Of course, some choose not to attend face to face events (or do so rarely) as they are able to satisfy much of their CPD and professional interactions online.

    Funding is an interesting point. There is a lot of training and CPD available but the independence and quality varies enormously. However, the plethora of events and roadshows in recent years has created a general expectation that there is no need to pay to derive value. We choose to make Personal Finance Society events free to members because we do not want cost to be a barrier. Whilst there is a danger that this devalues content through perception those that consume it tend to recognise a significant value. As part of a Chartered body with a clear consumer remit there would be little point in us excluding some from the drive to raise standards across the profession purely on the basis of affordability.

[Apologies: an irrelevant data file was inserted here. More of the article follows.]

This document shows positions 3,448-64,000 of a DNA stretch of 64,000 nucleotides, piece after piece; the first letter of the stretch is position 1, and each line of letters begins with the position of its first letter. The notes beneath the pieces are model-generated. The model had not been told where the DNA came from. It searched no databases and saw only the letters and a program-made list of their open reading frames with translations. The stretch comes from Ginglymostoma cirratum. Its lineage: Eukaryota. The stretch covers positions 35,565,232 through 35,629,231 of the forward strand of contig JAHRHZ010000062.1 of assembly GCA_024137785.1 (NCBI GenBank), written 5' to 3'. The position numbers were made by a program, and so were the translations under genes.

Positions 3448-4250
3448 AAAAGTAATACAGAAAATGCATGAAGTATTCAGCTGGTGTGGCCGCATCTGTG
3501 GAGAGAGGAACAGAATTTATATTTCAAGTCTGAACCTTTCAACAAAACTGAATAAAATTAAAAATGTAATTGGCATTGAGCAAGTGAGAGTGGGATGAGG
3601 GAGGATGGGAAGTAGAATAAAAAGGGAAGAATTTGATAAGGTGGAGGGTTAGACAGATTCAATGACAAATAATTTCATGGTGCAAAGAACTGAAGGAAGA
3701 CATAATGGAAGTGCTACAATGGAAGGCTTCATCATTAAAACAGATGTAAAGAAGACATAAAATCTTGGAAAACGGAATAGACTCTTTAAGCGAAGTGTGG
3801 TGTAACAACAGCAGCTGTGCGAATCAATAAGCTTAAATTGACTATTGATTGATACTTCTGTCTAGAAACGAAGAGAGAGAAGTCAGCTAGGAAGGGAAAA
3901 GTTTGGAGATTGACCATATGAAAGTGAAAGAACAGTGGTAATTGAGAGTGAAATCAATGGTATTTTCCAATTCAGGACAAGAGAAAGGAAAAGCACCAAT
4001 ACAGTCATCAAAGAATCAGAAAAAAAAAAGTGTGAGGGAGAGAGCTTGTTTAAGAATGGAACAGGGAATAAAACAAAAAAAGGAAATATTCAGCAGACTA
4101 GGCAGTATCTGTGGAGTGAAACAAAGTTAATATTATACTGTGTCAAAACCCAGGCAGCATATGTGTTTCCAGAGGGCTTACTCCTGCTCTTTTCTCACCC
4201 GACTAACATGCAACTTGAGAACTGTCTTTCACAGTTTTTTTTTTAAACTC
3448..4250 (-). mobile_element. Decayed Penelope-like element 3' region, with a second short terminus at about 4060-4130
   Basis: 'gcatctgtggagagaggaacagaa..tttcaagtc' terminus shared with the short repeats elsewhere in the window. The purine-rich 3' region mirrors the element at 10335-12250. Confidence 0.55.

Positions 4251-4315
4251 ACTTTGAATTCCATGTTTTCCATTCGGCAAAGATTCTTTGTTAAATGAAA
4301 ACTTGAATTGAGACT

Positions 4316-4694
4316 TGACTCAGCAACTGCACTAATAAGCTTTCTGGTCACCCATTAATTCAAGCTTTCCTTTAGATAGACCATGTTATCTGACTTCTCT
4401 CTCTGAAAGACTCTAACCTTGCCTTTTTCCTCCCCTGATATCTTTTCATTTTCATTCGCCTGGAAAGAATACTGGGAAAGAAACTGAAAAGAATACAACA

There is evidence that many product providers are now pulling back from the event space, so I would expect the number of invitations that you receive will begin to reduce. There is also evidence of the inevitable flight to quality.

    • Hi Mark,

      Thanks for your comment.

      I’ve always been impressed by the quality of PFS events and
      I agree that as our profession changes and adapts there will be a ‘flight to quality’ which will mean that the number of events will decrease with only the ones which truly add value left to remain….it would be interesting to see how long that takes!

      The funding points you make are interesting and I fully understand the fact that you want to spread the content you provide as far and possible, with cost not being a barrier to entry.

      However there is a counter point….